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There is so much to plan for when you are pregnant. And one of the decisions you must make is whether you want to formula-feed or breastfeed your baby. Prepare yourself if you are struggling to breastfeed that you will have to give your baby supplementation formula. There is no shame in that. Remember that many mothers choose to formula-feed for a variety of reasons. And even if you are successful with nursing, you will need to pump so that others can feed your baby while you are working or unable to do so. That is why it is crucial to learn how to bottle feed your baby correctly.
Whether you are formula-feeding or breastfeeding, you must know how to feed your baby with a bottle. Let’s talk more about that below.
Choosing The Right Bottle To Feed Your Baby Is Essential
The old-style plastic baby bottles that your parents fed you with are likely no longer recommended because they can increase gas and colic. Therefore, you will want to invest in baby bottles that can minimize gas and colic pain, as modern bottles can do that. You can also get baby bottles made from glass, polypropylene, and silicone material free of BPA and other chemicals. You will want to get the right type of nipples for your baby, depending on your infant’s age.
Newborns and young babies under six months old should use slow flow nipples, which allows the milk to flow slowly. That decreases the choking and air ingested risk, which causes gas pains, colic, and spitting up. Infants over six months old can use the faster flow nipples as they are larger enough to drink more milk in one sitting.
How much is a baby bottle? That depends on the brand and quality. The average prices of baby bottles are from $15 to $60, depending on many factors. The baby bottles that prevent the most gas in babies would likely be more costly than bottles that are not as colic-resistant. You can always get recommendations from a pediatrician if you need help deciding on the type of bottle to buy. Regardless of the type of bottle, you will need to know how to bottle feed a baby correctly.
How Do You Bottle Feed A Newborn Or A Young Baby?
If you plan to formula-feed your baby, the good news is that newborns know how to suck from the nipple right away. However, suppose you plan to bottle feed your breastfeeding baby. In that case, you will want to wait until the baby is two or three months before introducing the bottle to avoid nipple confusion. Nipple confusion can cause problems for the baby latching on properly. The only exception is if you plan on exclusively pumping your breastmilk from day one.
Let’s focus on bottle feeding a newborn without using breastfeeding into the equation. Newborns and young babies only can take in two ounces at the most from a bottle during each feeding because their stomachs are too small to take in anything more. That is why they need frequent feedings since they digest the milk quickly.
The first thing to look for is signs that the baby is hungry, which can characterize them nuzzling against breasts and sucking on fingers, or opening the mouth. The baby may make lip-smacking sounds or may suck on the lip, or display through rooting reflex. Newborns can also cry if they are hungry, and calling for hunger becomes the norm once the newborn begins to grow.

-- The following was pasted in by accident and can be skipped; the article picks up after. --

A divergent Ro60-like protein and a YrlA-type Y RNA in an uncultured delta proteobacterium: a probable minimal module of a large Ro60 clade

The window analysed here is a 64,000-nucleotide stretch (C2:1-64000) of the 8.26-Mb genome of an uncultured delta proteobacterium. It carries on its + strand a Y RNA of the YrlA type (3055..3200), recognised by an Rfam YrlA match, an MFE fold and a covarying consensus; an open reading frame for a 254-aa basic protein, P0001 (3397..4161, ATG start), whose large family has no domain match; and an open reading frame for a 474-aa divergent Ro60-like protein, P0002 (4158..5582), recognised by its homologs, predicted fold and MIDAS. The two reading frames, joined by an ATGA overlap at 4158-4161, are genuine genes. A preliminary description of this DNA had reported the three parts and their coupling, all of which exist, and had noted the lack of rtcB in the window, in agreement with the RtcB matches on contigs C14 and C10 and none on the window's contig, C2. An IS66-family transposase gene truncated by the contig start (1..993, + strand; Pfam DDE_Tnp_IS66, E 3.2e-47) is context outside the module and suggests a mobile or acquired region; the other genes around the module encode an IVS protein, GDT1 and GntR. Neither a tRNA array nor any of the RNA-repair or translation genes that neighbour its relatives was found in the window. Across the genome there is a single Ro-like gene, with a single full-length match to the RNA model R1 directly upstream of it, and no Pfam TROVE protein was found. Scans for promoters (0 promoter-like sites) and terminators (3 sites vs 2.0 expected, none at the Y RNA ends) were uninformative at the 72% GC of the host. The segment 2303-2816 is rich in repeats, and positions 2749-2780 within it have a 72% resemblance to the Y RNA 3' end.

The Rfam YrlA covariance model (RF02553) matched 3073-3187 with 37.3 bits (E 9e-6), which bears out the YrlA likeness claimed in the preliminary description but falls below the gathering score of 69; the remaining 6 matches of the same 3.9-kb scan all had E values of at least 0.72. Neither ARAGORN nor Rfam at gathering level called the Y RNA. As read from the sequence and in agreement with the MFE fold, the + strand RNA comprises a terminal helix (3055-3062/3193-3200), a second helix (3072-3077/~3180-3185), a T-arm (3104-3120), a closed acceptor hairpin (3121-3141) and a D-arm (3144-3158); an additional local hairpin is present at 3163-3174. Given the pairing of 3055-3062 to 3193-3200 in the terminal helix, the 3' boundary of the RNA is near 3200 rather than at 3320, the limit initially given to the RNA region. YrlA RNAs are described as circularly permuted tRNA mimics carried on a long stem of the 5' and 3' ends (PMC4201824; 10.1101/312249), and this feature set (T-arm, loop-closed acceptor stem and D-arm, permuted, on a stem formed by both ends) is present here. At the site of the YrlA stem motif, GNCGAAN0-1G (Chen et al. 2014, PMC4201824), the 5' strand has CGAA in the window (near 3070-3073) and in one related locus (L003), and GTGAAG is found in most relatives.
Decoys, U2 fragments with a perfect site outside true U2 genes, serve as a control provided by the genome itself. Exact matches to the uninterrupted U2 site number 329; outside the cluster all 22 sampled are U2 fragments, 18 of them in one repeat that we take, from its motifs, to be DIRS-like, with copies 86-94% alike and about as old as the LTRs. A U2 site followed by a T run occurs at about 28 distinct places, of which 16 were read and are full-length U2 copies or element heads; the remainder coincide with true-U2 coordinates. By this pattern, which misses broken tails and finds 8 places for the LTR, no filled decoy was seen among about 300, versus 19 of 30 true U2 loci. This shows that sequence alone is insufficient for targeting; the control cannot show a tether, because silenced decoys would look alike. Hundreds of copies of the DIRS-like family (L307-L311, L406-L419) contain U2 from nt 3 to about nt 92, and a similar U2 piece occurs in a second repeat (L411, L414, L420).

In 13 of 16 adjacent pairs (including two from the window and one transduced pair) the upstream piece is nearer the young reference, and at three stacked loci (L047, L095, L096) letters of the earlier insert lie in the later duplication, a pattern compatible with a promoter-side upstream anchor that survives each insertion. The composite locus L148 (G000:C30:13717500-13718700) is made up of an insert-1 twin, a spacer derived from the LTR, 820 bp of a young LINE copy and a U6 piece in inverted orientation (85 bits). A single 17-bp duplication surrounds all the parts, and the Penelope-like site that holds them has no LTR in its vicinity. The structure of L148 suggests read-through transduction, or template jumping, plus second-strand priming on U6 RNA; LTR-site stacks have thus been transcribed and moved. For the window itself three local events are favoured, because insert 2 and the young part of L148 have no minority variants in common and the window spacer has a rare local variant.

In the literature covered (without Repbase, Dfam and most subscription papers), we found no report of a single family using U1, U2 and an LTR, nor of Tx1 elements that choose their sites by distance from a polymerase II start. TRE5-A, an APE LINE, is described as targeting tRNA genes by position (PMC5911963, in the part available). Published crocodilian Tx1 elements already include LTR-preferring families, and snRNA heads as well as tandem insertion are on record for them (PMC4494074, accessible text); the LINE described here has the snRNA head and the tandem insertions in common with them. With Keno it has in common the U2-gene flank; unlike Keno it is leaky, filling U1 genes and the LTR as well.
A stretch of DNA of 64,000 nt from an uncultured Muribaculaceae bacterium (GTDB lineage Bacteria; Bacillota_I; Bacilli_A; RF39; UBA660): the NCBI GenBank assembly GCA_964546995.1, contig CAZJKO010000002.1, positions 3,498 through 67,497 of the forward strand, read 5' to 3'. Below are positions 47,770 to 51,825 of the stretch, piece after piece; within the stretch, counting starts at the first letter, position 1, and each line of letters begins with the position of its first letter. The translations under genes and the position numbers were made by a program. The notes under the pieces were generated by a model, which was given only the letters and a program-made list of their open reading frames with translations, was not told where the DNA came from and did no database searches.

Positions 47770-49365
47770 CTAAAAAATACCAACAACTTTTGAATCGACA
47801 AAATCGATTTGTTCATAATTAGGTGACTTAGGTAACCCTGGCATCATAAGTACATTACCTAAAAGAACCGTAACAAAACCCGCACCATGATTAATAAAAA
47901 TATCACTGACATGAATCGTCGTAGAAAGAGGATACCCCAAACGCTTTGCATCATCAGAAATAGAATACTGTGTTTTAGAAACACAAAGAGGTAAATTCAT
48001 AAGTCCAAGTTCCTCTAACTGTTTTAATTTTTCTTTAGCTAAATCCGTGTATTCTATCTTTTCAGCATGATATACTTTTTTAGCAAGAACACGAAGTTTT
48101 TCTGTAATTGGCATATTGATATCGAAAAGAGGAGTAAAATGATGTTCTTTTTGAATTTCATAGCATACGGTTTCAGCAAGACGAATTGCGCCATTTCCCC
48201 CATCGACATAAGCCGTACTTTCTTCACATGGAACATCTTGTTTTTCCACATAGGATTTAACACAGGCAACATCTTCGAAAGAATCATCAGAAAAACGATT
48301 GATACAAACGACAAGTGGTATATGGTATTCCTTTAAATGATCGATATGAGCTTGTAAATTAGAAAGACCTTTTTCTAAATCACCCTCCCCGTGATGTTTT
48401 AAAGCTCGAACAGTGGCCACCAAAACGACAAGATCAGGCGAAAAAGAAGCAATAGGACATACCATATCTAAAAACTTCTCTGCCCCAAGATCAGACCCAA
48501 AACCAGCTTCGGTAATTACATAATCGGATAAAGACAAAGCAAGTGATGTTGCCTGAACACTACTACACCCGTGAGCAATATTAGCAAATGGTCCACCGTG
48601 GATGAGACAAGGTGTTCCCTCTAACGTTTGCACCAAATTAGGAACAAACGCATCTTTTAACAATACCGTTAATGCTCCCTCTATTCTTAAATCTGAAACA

Now you see the signs that your baby is hungry, now it is time to prepare the bottle by warming it up. Once you are ready to feed your infant, cradle your baby in a comfortable position in your arms. You do not want your baby to lie flat on their back. Make sure the infant is somewhat upright. You will then want to tilt the bottle up so the milk fills the nipple. If there is not enough milk filling the nipple, your baby will end up sucking in the air, which will cause gas and colic, which you do not want to happen.
Stop feeding your baby every five minutes to burp your baby in between feedings, which can help reduce gas. Then look for signs of your baby pushing away from the bottle at the end of the feeding. That is a sign that the baby is full. Be on the lookout for signs that your baby struggles during a bottle feeding.
What Signs To Look Out For If The Baby Is Struggling During A Feeding
The one thing to look out for is your baby choking, sputtering, or gulping during a feeding. That is a sign that the nipple isn’t correct for the baby’s age. Other signs of the nipple being the wrong size for babies are that milk is flowing at the side of the mouth, and the infant becomes frustrated during the feeding. The nipple is too large for the infant if that happens. The correct nipple size will not cause these problems for the baby.
Another issue to look out for is if you are formula-feeding your infant, look for signs of digestive distress such as colic, excess spitting up, and agitation signs after feedings. The problem can be with the formula, which means you will need to switch. If you are bottle feeding breast milk to your baby with the same reaction, you must adjust your diet.
As the baby grows older, the baby will take in more ounces of milk and have fewer gas and colic issues as their digestive system matures. Bottle feeding will get easier over time as the baby gets older.
One of the most critical decisions to make during pregnancy is whether or not to formula-feed or breastfeed your baby. Regardless of how you feed your baby, you will need baby bottles. Even though you won’t bottle feed a breastfed baby immediately due to not wanting to risk nipple confusion, you will need bottles.
Supplementation could be a requirement if your baby isn’t thriving that well on breastmilk, and others in your family or sitters will want to feed your baby. That is why you need a breast pump‘. However, either way, you will need to know what bottle feeding your baby involves regardless of how you choose to feed your infant.